Pride and Joy – VCE Music Solo Performance Guitar
Stevie Ray Vaughan is the most important blues guitarist of the last 50 years. His playing style and sound is much copied. He reinvigorated the blues at a time of its lowest popularity.
Pride and Joy is in the single note category of the VCE Music Solo Performance guitar exam. Students need to perform at least one song from this group.
For assistance with VCE Music contact Eastern Suburbs School of Music via the contact form on the right of this page or by calling Rhys on 0421 705 150.
Pride and Joy – Equipment
Stevie Ray Vaughan is associated with the Fender Stratocaster. This guitar has three single coil pickups. You will need to switch between the neck and bridge pickup during the song. Stevie would also tune his guitars a semitone flat. This is a common practice in rock music. It is influenced by Jimi Hendrix who played in this tuning. You can perform the song in either flat or standard tuning. Make sure your backing track is pitched correctly.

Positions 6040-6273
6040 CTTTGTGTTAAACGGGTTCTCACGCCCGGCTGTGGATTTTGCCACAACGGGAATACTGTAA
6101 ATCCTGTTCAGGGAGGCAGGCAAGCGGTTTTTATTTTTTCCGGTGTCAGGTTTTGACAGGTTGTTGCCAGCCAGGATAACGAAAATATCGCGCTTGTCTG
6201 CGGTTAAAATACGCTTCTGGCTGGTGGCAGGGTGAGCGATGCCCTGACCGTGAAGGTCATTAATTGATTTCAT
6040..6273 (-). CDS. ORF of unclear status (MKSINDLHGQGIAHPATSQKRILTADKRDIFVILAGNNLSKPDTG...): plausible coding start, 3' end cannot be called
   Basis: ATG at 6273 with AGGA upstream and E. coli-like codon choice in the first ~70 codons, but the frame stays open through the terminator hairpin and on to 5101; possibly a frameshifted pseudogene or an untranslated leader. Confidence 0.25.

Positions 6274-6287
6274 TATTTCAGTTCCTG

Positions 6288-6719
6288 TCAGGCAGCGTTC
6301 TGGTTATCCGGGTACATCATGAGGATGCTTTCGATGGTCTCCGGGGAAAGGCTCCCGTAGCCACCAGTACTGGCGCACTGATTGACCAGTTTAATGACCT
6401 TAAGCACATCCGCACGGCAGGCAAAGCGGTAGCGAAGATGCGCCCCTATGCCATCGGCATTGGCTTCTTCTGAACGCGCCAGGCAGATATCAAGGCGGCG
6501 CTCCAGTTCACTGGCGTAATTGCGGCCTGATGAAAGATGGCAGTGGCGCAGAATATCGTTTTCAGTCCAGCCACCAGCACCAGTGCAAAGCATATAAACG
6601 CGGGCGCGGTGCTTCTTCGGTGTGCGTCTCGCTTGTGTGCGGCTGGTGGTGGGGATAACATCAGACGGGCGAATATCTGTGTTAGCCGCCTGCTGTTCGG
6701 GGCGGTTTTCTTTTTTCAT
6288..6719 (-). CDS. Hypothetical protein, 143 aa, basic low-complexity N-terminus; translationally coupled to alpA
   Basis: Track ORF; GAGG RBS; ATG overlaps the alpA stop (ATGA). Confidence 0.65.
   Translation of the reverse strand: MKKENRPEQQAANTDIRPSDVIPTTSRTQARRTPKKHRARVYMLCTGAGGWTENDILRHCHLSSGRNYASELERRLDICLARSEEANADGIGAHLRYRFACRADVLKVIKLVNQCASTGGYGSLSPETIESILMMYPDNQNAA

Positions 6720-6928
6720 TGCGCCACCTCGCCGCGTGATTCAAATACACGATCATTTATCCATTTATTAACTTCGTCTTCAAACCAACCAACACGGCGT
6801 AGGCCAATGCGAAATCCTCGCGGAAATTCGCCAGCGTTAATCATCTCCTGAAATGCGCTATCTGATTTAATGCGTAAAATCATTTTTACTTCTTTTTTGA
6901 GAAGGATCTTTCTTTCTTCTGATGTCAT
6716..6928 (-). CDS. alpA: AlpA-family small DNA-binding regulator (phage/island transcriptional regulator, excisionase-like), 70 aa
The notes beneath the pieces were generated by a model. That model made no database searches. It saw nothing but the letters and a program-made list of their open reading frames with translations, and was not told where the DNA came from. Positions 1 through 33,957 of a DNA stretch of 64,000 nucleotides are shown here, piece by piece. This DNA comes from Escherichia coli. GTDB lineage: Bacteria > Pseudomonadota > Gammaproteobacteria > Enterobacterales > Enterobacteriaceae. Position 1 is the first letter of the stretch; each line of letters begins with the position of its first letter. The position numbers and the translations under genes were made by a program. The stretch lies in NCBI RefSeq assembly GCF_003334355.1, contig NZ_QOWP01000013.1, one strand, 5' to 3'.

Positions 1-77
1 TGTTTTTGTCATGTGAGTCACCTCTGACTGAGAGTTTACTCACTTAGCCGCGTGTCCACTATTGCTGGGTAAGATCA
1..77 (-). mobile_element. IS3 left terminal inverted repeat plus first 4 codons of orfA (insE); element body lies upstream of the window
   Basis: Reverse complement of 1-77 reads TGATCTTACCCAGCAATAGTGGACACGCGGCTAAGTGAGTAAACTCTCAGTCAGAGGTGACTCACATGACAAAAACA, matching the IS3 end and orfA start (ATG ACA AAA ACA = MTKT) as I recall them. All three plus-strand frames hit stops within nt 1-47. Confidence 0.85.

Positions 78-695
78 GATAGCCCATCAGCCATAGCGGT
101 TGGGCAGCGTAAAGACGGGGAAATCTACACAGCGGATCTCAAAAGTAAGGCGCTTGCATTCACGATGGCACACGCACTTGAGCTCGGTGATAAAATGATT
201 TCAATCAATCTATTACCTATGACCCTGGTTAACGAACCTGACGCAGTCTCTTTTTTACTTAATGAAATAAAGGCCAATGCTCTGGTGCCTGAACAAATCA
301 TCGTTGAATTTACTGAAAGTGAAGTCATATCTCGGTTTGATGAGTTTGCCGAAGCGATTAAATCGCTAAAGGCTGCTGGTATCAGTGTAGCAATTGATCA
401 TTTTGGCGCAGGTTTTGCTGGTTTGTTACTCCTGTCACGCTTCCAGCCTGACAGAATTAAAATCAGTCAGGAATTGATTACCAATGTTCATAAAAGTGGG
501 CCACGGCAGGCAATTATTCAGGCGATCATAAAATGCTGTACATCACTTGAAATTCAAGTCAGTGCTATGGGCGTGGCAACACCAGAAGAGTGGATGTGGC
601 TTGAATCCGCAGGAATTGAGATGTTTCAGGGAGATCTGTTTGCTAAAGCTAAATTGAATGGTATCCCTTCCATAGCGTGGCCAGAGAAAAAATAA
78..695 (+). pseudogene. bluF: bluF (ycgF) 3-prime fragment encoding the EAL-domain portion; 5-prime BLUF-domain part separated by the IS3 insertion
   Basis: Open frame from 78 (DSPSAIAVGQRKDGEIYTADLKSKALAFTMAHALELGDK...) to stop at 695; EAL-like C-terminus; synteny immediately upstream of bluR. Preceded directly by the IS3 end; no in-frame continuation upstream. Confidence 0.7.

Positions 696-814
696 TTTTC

To create the distortion sound use an overdrive pedal on a low gain setting. You can also have a boost pedal to give you more volume during the guitar solo and outro.
Pride and Joy – Structure
Intro – lead guitar intro followed by one playing through the 12 bar blues in E. The riff follows a walking bass styled pattern. The right hand strumming is quite demanding. Think of how a piano player hits a bass note on the beat, followed by a chord on the off beat. String muting is assisted by the left hand.
Verse – pay close attention to features in each verse. They are all slightly different.
Verse – more rhythm variations and licks start in this verse.
Stop Time – accent beat one of the first four bars of the 12 bar blues. Return to normal rhythm playing after the stop time accents.
Solo 1 – starting with double stops moving up the neck. This is followed by some fast blues scale runs in the 12th fret position.
Solo 2 – this 12 bar starts with a recap of the guitar intro lick.
Stop Time – much like the first stop time verse.
Verse – the riff is dropped for syncopated (off the beat) chord strums and licks in this last verse.
Solo – one round of the 12 bar blues to finish the song. Chord sounds again starts this solo. Jazz players use block chords to create parts of solos. This shows that influence.
Pride and Joy – Techniques
Learn these techniques featured in Pride and Joy to help play the song:
- 12 bar blues in E chord sequence.
- E blues scale on 6th and 5th string.
- string bends.
- double stops.
Watch this performance from the 1982 Montreux festival to gain an appreciation of the techniques used.